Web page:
I was at the weekly meeting of the Kiwanis club I belong to this morning, listening to a presentation about the College Bound program within the Oceanside School district. During the course of the presentation, the topic of kids and their use of technology and social media came up. We were reminded that as parents we are in control, and should take away the phone, turn off the media, etc. I sat there sighing and nodding. Yes, my kids are on the phones too much.
At the same time, in my professional career, I’ve spent the last several years crafting an IT strategy to enable employees to operate regardless of where they are located. There are still pieces to put in place, but we’ve been making good progress. The largest challenge I face is adoption of some of the capabilities. For instance, we have Skype available, but how can I drive adoption of the technology? Colleagues I’ve spoken with have indicated how empowering such a tool can be. One person I spoke with has now gone entirely remote as they are actively online with video and chat all the time. There is little advantage to being in the same office. Now, that is an extreme case, but a number of companies (and their employees) could probably benefit from less time commuting and coming into an office that can, at times, be quite distracting and wasteful. However, in my particular case, operating online in this way is entirely foreign. Most of the folks in my company are not comfortable operating in the virtual world to such a degree. They can handle email (the bane of all IT managers), but texting? IM? Video chat? Not at all.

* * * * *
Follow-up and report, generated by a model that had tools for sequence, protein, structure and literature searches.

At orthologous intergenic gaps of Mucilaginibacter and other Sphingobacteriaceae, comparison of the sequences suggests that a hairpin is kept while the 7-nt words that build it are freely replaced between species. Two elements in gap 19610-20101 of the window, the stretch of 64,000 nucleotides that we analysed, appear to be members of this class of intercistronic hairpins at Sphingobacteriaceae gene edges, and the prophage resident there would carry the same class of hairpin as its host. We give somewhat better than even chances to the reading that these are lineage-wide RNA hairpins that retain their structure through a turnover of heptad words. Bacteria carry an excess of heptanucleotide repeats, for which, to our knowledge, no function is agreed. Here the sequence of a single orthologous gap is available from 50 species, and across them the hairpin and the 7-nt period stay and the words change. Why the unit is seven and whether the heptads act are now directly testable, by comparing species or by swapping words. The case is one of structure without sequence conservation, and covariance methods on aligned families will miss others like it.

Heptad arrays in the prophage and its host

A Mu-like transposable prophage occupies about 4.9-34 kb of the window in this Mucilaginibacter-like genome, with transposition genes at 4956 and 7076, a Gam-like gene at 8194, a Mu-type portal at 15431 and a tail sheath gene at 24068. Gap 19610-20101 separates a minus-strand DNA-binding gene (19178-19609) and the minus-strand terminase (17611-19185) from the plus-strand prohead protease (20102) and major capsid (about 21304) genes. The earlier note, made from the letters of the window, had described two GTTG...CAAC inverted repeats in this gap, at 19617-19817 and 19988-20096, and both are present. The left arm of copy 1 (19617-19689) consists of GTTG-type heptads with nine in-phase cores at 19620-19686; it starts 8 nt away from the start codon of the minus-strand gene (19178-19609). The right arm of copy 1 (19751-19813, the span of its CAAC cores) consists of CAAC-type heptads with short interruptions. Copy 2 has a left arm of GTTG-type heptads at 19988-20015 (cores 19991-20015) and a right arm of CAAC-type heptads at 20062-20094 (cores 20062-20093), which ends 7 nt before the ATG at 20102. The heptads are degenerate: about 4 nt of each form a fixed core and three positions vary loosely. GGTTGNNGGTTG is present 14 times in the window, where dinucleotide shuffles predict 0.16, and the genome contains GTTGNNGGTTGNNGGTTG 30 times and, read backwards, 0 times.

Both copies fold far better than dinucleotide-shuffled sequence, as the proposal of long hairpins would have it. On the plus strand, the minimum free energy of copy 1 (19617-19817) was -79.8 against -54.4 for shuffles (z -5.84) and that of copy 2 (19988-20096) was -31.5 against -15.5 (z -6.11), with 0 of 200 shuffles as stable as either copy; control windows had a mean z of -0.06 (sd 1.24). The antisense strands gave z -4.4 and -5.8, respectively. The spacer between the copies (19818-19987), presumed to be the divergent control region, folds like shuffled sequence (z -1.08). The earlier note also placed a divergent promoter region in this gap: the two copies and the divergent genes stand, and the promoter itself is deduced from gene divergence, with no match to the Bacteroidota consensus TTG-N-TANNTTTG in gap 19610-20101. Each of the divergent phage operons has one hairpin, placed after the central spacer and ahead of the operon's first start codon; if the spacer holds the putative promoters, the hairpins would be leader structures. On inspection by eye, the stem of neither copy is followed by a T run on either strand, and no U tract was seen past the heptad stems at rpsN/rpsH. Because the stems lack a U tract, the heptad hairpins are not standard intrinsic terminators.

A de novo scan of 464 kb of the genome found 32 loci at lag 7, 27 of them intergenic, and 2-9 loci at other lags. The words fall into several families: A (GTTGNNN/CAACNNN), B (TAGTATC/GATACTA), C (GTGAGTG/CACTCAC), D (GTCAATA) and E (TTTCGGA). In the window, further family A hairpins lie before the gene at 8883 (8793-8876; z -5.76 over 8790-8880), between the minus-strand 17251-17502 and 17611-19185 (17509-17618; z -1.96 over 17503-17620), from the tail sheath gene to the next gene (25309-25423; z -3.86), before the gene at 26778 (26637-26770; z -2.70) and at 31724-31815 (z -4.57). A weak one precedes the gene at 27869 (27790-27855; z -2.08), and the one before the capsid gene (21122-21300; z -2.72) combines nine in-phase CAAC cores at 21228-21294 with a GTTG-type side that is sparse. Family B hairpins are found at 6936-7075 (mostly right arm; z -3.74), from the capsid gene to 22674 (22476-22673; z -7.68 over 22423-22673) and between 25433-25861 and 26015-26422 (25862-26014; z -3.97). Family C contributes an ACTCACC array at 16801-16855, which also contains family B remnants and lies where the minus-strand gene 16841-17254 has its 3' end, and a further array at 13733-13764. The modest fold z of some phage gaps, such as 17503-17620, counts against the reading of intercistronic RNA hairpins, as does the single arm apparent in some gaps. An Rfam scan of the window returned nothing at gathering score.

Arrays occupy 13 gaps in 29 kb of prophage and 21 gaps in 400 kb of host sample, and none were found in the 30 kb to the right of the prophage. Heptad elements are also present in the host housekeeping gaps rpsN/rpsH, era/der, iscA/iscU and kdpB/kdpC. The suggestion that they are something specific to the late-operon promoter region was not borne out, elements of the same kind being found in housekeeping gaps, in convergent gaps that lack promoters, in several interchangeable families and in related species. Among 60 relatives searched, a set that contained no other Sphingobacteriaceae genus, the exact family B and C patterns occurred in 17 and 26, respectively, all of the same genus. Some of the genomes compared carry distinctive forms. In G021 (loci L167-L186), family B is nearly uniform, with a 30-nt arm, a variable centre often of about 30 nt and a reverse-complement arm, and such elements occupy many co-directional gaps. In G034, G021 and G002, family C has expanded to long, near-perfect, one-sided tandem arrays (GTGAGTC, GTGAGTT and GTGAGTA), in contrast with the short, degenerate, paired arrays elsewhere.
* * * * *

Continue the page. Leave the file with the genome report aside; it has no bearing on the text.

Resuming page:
So, after the talk this morning, the dissonance of these two situations struck me. Perhaps we are really looking at this the wrong way. Kids are drawn to the online world. Yes, they can do wrong things there. They can waste time. But that happens at my office as well. In fact, there are some folks I work with who love to walk into my office to tell me something about their personal lives that I didn’t ask about, usually right when I’m in the middle of something. What if, instead of limiting the time kids spend on their devices, we teach them how to use them to become effective collaborators, and to become more efficient at accomplishing the “important stuff.” In some ways I see that happening without adult intervention. My youngest loves creating slime (if you have a 12 year old you probably understand, if not, be happy). So, she works with her friends via FaceTime and SnapChat to develop new recipes and variations. She is collaborating in a way that I can’t get my colleagues to. I plan on asking her how often, if ever, she does homework with her friends via FaceTime. My 20 year old takes a fair number of online classes at her university. I wonder how often she is in the same boat.
I throw this out there as a conversation starter. I may think about this some more and decide that I’m completely wrong, as I’m not convinced that I’ve got this right either.